News & Information
Adulterated Diet Supplements: Should FDA Do More?
Written by Editor   
Tuesday, October 16, 2018 01:29 PM

Even after FDA warnings are issued, many adulterated dietary supplements remain available for purchase, according to a quality-improvement study.  Of dietary supplements available for sale in the U.S. from 2007 to 2016, the FDA identified 776 that were adulterated with active pharmaceuticals.

Calling this an “important public health concern," these researchers said that nearly 68% of these supplements had new unapproved ingredients that were reported in the second or third warning by the FDA, "consistent with the assumption that the FDA found the product to be adulterated more than once."

The products identified in the study appeared in the agency's Tainted Supplements database, and most often were marketed for sexual enhancement (46%), weight loss (41%), or muscle building (12%).

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CMS to Require Drugmakers to List Prices in Ads
Written by Editor   
Tuesday, October 16, 2018 01:18 PM

The CMS plans to require prescription drug manufacturers to their list prices in direct-to-consumer television advertisements.  Under the proposed rule, drugmakers will have to post the price of a typical course of treatment for acute medications like antibiotics or for a 30-day supply of medications for chronic conditions. Consumer ads will have to have a readable, text statement at the end to comply with the mandate.

"This historic proposal is an important way to create new incentives for drug companies to start lowering their list prices, rather than raising them," HHS Secretary Alex Azar said in a statement. "President Trump's drug-pricing blueprint called for HHS to consider how to accomplish this goal, and now we are following through on this measure to better inform patients, help them lower their drug costs, and reduce unreasonable spending in Medicare and Medicaid."

Drugs with list prices under $35 per month will be exempt from the requirement. The CMS requested comments on whether the regulation should apply to radio, web, print or social networking advertising as well.

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Anthem to pay $16M in record data breach settlement
Written by Editor   
Tuesday, October 16, 2018 12:45 PM

Anthem has agreed to pay the federal government $16 million in a settlement over its 2015 data breach that hit nearly 79 million people. The agreement is by far the largest settlement reached by HHS' Office for Civil Rights for a Health Insurance Portability and Accountability Act (HIPAA) breach. Hackers stole the names, birth dates, Social Security numbers, home addresses and other personal information in the 2015 cyberattack.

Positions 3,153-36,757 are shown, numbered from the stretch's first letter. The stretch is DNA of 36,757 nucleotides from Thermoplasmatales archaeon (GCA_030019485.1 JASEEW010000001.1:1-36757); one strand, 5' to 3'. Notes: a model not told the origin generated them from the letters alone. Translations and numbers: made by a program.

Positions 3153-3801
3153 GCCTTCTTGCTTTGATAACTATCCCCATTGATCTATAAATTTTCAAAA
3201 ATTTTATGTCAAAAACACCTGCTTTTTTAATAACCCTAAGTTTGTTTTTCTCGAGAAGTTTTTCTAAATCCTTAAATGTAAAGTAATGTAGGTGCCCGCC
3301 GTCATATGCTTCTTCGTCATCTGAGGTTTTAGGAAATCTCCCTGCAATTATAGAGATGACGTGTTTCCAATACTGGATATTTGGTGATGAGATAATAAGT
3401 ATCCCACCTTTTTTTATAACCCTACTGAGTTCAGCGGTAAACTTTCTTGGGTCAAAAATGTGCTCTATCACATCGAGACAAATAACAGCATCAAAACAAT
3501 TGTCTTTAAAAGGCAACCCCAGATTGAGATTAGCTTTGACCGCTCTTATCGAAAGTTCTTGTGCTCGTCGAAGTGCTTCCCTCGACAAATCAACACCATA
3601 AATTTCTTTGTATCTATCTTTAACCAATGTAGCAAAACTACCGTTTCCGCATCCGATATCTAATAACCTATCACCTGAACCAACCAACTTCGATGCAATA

The largest health data breach in U.S. history fully merits the largest HIPAA settlement in history.  ”Unfortunately, Anthem failed to implement appropriate measures for detecting hackers who had gained access to their system to harvest passwords and steal people's private information."

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$1B Telemedicine Fraud Scheme Alleged
Written by Editor   
Tuesday, October 16, 2018 12:35 PM

Telemedicine is a growing area of medical fraud concern.  Federal prosecutors have announced that seven companies and four men are facing charges, accused of roles in a $1 billion telemedicine fraud scheme that deceived tens of thousands of patients and more than 100 doctors. 

Six Florida companies, a Houston firm and four Florida men are named in a 32-count indictment charging them with conspiracy to commit health care fraud, introducing misbranded drugs into interstate commerce and mail fraud.

According to prosecutors, this group created an “elaborate” scheme in which telemedicine firm HealthRight LLC fraudulently solicited insurance information and prescriptions from customers nationwide for pain creams and similar products.

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Over 30 Retractions of Cardiac Stem Cell Research
Written by Editor   
Tuesday, October 16, 2018 12:24 PM

Harvard Medical School and Brigham and Women’s Hospital have recommended that 31 papers from a former lab director who studied cardiac stem cells be retracted from medical journals.  The data “included falsified and/or fabricated data,” according to a statement to Retraction Watch and STAT from the two institutions.

This doctor “practically invented the field of cardiac stem cell therapy when he first reported that cardiac cells were capable of regeneration,” it has been reported.  He  published at least 55 papers that listed Harvard as an affiliation. He has received several commendations, including a research achievement award from the American Heart Association, which in 2004 also named him a “distinguished scientist.”

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